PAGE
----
1. Well, the product still has to function the warranty time, and not to many can be dead on arrival, but other then that, cheapest possible.

          On the other hand, some companys want to have a solid quality reputation, and that would have been the same sweetspot.

          1. That’s when they shorten warranties, stores shorten return policies, and your broken crap will only be repaired if you ship it insured by courier to a central depot…. Meaning you don’t bother if it was worth less than $100…. Only costco seems to honor warranty in store any more.

        2. Cheap China? How about Cheap Americans? And no, I’m not Chinese. China is more than happy to build any quality we (Americans) are willing to pay for. You can blame the quality of every cheap product you’ve bought on market pressures driving down cost.

          1. Not entirely true, there are cultural aspects at play as well. Read Paul Midler’s “Poorly made in China” for a good insight into this. It’s not always the buying deciding how crappily his product gets made!

  2. I am working for a company that makes (quite successfully) simple, long-lasting household goods. No rocket science, but we got an innovation award every now and then and had a loyal consumer base and some well-established brands. Along came an “investor” and bought a majority of our shares… you know, one of those companies that invented the concept of “leveraged buyout transactions”. Even though healthy and profitable before, we now had to generate an additional two-digit percentage in profit to finance the greed of our new overlords … that was the tipping point when the quality of our products was compromised to an extend that even our most loyal consumers began looking for alternatives to our offerings.

    Surprisingly, there was no big campaign to win back our customers – instead we got presentations on how to “innovate smarter”: It’s simple: you go to China, find an ok-ish product, slap your brand on it and VOILA: THAT’S how you innovate!

    … to cut a long story short: the tipping point is not defined by a certain percentage or a price point but by a certain mind-set: from how can we WOW the consumer to: HOW CAN WE RIP CONSUMERS OFF without them noticing immediately?

    1. The tipping point was when USA move from industrial manufacturing to financial engineering. It used to be a competition of product quality between the west and the east.

      Now people when buying just sort it by lowest price with a familiar brand and buy it. Sometimes old people get stumped when they bought a known brand and it didn’t last as they expected it based on old purchase so they just buy the cheapest one since it will break anyways.

    1. There’s occasions where “refurbished” means they checked it powered on, blew the dust out, wiped it down and repacked it…. then there’s occasions where consumer returns with a common problem were actually remanufactured, if there were enough of them to make it worthwhile, by correcting the fault, then blown out wiped down and repacked. However if something came in with an intermittent glitchy button and a crack across the top corner of the screen, you can rightly wonder if it got a new screen, happened to be behaving while tested briefly, and then got shipped out with a failing button.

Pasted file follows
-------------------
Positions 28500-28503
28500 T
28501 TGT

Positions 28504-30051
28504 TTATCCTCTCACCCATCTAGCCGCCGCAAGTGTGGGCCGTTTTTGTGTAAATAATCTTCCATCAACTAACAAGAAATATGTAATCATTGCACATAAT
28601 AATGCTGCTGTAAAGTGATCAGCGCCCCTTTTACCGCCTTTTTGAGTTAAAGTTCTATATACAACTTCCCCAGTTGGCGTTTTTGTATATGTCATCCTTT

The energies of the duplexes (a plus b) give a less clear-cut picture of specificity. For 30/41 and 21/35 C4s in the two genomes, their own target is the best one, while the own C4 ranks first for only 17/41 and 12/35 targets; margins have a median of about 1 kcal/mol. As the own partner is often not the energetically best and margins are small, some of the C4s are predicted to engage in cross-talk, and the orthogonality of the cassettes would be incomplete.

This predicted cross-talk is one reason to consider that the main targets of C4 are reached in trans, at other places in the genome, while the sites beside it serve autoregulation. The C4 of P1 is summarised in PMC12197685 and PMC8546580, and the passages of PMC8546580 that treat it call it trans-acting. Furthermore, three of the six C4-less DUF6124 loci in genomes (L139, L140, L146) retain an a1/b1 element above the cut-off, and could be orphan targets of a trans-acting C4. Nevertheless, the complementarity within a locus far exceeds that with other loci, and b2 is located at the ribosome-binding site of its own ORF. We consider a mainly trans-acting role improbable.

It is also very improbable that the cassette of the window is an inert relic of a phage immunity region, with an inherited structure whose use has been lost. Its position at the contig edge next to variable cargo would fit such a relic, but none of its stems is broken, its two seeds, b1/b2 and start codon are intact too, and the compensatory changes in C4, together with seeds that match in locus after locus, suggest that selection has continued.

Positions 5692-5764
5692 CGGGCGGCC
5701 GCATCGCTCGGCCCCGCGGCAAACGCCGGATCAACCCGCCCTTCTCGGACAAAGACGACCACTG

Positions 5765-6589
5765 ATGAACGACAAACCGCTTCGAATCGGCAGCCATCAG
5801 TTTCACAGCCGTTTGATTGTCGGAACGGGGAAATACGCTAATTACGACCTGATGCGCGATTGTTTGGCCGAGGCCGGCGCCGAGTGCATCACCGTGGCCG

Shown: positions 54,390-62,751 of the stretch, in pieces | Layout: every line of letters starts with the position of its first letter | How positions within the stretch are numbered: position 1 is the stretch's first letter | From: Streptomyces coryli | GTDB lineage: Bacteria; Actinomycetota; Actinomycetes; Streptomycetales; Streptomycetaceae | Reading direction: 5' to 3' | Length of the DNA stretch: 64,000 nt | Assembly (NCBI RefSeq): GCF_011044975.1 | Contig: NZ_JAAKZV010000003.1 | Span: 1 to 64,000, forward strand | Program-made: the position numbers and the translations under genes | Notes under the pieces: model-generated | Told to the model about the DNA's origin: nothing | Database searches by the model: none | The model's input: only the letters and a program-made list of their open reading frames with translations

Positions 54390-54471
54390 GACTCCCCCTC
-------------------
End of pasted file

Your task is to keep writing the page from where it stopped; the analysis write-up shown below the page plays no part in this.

2. I do – I’ve work for this type of business. 80% or more of refurbished products are tested, cleaned and returned to service. In most cases the refurbished product was not electrically defective. There may have been a cosmetic issue that caused the return, But more than likely there was nothing wrong with the product at all.

      The other thing to understand is the refurbish process can’t make the product better than new. So, for example if a particular cellphone model tends to get hot or drop calls then the refurbished cellphone will tend to get hot or drop calls. The refurbish process doesn’t re-engineer or ‘fix’ design issues, they legally can’t even if they technically could, a cellphone is a FCC regulated transmitter. The same would be true for crappy switches. If a cell phone came in for something other than a crappy switch that was not failing yet, the process would fix what was failing (or nothing at all) and the cell phone would ship back out with a crappy switch. This is because there is no way for the refurbisher to know if the switches are crappy and there is no cost effective way to test the switch for “crappyness”.

      One exception would be if the cellphone company identified an issue with the switches. In that case they would negotiate a price for replacing all of the switches as the cell phones were processed through the shop. But my personal experience is this never works well and it’s better to leave the existing switches installed. This is because in most cases what was going to fail has already failed in the field and replacing all switches with new just introduces a fresh lot waiting to fail!

  3. I had the exactly issue, which I didn’t doucmented since that sounds so normal that wasn’t worth to write about. I did not expect that wasn’t so common to know about this weakness of modern consumers design. Those buttons are rated for a ridiculous number of pushes. It is not designed to last – in consumer electronic devices.

    What if I told that the digitizer (touch sensor of the phone) is rated for (only?) 300K tapping? :)

        1. This is only true for a resistive tough screen. A capacitive touch screens works by creating a field on the opposite side of the glass you are touching then the location of that field is measured. Modern smart phone touch screens are capacitive.